Management like PowerPoint. They love charts and summaries. You need to give them something like this every week/month and then they’ll be happy.
I’m producing a communications plan at the moment at work, to try to hit lots of these at once. It’s actually incredibly important – after all, if they don’t know you’ve done it, then you might as well not have bothered.
My boss has just come back from maternity leave, and a slight danger of her deploying some micromanagement. So to get in there quickly, and keep her happy and feel in control I need to put together a regular “pack” of stuff for her. She might not read it, but at least if she can see it or know it’s coming, she’ll be satisfied I have things in control.
And actually, depressing as this is, sometimes more important than actually having it under control.
My team at work has leapt into action because there is an audit coming up next month. Sneakily, I’ve told them the deadline is an earlier than it actually is – which I know is bad of me, and I need to trust them more, but I’ve been burnt too many times. I need to slowly bring them round to be trustworthy.
Now, I’ve known for a while that the secret to running projects is to have a very clear brief. In fact, I’d say that’s the key part of running a successful project. But it’s become very clear to me in this situation. If you want to run a project well:
- You need a definite deadline that everyone is working towards and feels that they cannot miss. There need to be consequences to missing it too.
- The deadline needs to be short enough that there’s a continual need to be working towards it. If the deadline is too far away, people lose their sense of urgency.
- Everyone needs to be very clear of what they need to do to get to that deadline. If people don’t know what they’re doing, they get aimless.
- The aims need to be specific and measurable.People need to know if they’re hitting the target or not, and need to know how far away they are from the target.
If your project is bigger than this, and almost every project is, you need to break it down into smaller projects with smaller deadlines. Otherwise nothing will happen.
In many ways my last few days have been filled with thoughts about scope creep. As I said a little while ago, a lot of my projects are suffering from this. And partly it’s because I’m being a little bit too ambitious. So I’ve intentionally dialled back on what I’m doing to make sure I hit the core values.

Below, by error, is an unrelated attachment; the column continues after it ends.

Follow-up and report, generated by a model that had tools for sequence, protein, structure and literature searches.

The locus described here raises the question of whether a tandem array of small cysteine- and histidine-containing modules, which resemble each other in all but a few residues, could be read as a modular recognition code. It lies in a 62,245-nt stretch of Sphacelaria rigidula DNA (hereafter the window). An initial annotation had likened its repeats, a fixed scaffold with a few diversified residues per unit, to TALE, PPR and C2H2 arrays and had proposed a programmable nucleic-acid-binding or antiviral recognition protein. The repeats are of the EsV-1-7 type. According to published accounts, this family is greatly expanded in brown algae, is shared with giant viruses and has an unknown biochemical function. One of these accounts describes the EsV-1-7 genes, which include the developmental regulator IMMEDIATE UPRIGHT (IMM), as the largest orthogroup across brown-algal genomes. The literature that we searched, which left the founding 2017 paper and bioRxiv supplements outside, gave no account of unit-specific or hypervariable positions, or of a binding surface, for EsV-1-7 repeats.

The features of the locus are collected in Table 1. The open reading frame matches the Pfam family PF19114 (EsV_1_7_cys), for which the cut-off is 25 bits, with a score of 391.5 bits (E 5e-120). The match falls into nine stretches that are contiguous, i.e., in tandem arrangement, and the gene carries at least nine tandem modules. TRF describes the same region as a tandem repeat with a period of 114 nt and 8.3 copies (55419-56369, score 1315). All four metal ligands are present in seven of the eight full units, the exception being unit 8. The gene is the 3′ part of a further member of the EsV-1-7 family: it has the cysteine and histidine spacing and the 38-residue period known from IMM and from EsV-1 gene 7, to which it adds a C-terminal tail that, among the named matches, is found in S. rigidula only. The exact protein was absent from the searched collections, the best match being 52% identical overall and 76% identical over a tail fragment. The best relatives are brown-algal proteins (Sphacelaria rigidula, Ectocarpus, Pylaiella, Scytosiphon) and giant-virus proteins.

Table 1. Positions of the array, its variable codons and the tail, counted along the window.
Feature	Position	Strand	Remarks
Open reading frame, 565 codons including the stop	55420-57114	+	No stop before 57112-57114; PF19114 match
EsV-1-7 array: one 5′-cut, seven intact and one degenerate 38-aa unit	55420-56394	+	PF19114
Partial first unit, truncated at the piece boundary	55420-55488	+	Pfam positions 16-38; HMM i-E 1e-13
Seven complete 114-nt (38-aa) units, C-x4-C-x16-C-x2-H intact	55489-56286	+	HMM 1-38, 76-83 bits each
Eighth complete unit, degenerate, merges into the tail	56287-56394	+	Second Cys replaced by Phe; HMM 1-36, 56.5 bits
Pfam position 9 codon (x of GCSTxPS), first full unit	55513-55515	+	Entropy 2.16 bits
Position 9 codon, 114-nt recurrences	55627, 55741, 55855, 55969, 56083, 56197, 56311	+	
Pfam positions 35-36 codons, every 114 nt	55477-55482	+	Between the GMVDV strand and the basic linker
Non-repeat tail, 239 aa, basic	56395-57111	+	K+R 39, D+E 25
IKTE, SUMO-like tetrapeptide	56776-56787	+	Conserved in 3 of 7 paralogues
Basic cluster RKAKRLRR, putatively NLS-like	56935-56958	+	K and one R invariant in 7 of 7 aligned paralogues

Part of this has involved reviewing my coding, and I’ve reminded myself of the importance of building a central, maintainable framework.
“Maintainable” is the key word here because “code rots”:
Code is bad. It rots. It requires periodic maintenance. It has bugs that need to be found. New features mean old code has to be adapted. The more code you have, the more places there are for bugs to hide. The longer checkouts or compiles take. The longer it takes a new employee to make sense of your system. If you have to refactor there’s more stuff to move around.
You realise this when you come back to something you were working on several months ago, try to run it and it crashes.
- Partly it’s because of that bug that you never got round to fixing but knew about and knew the workaround for.
- Partly it’s because something else changed along the way and broke it.
- Partly it’s because you’re not caring for it and fixing bugs and improving it any more.
As soon as you stop actively looking after it, it starts getting worse.
Of course, you can’t look after every project at once, but what you can do is write a centralised code library, look after that, and pull much of your stuff from that. That way, you’re actively looking after most of the code at once.
Jeff calls this “tending to your software garden” and I think I agree with him. I think I need to come up with more ways to keep my garden well looked after.
I had to tell someone off today.
It’s the first time I’ve ever done it. All my life I’ve been the pupil, the child, the employee – and generally I’ve struck a fine line between compliance and rebellion. (My English teacher once called me “subversive” which I took as a massive compliment. And knowing him, he probably meant it as one).
In the words of Jack O’Neil from Stargate:
I have spent my life sticking it to the man. Now I am the man.
But I think this is probably good. You want your people in authority to have a healthy distrust of authority. You want them to be challenging themselves and aware of what authority does to people.
I think I handled the telling off quite well. It struck the right balance, something L has always been good at at work, between chastising without getting personal.
The one thing I did forget to say was something along the lines of “this isn’t an exercise in fault finding, we just want to make sure it won’t happen again”. But I think that was the general impression.
I didn’t bulldozer quite as much as I have before, and in hindsight perhaps I should have a little bit more. But what I did right was leave it a few days. The “incident” (I’ve made it sound a much bigger deal than it was here) happened on Tuesday, but I left it until Friday, once everyone had calmed down, to have a chat about what had happened and to give the firm message that this wouldn’t happen again.
If you can keep your cool, I think you keep your respect as well. Fear isn’t any way to manage, and if you get too authoritarian, people will start coming up with ways to bypass you.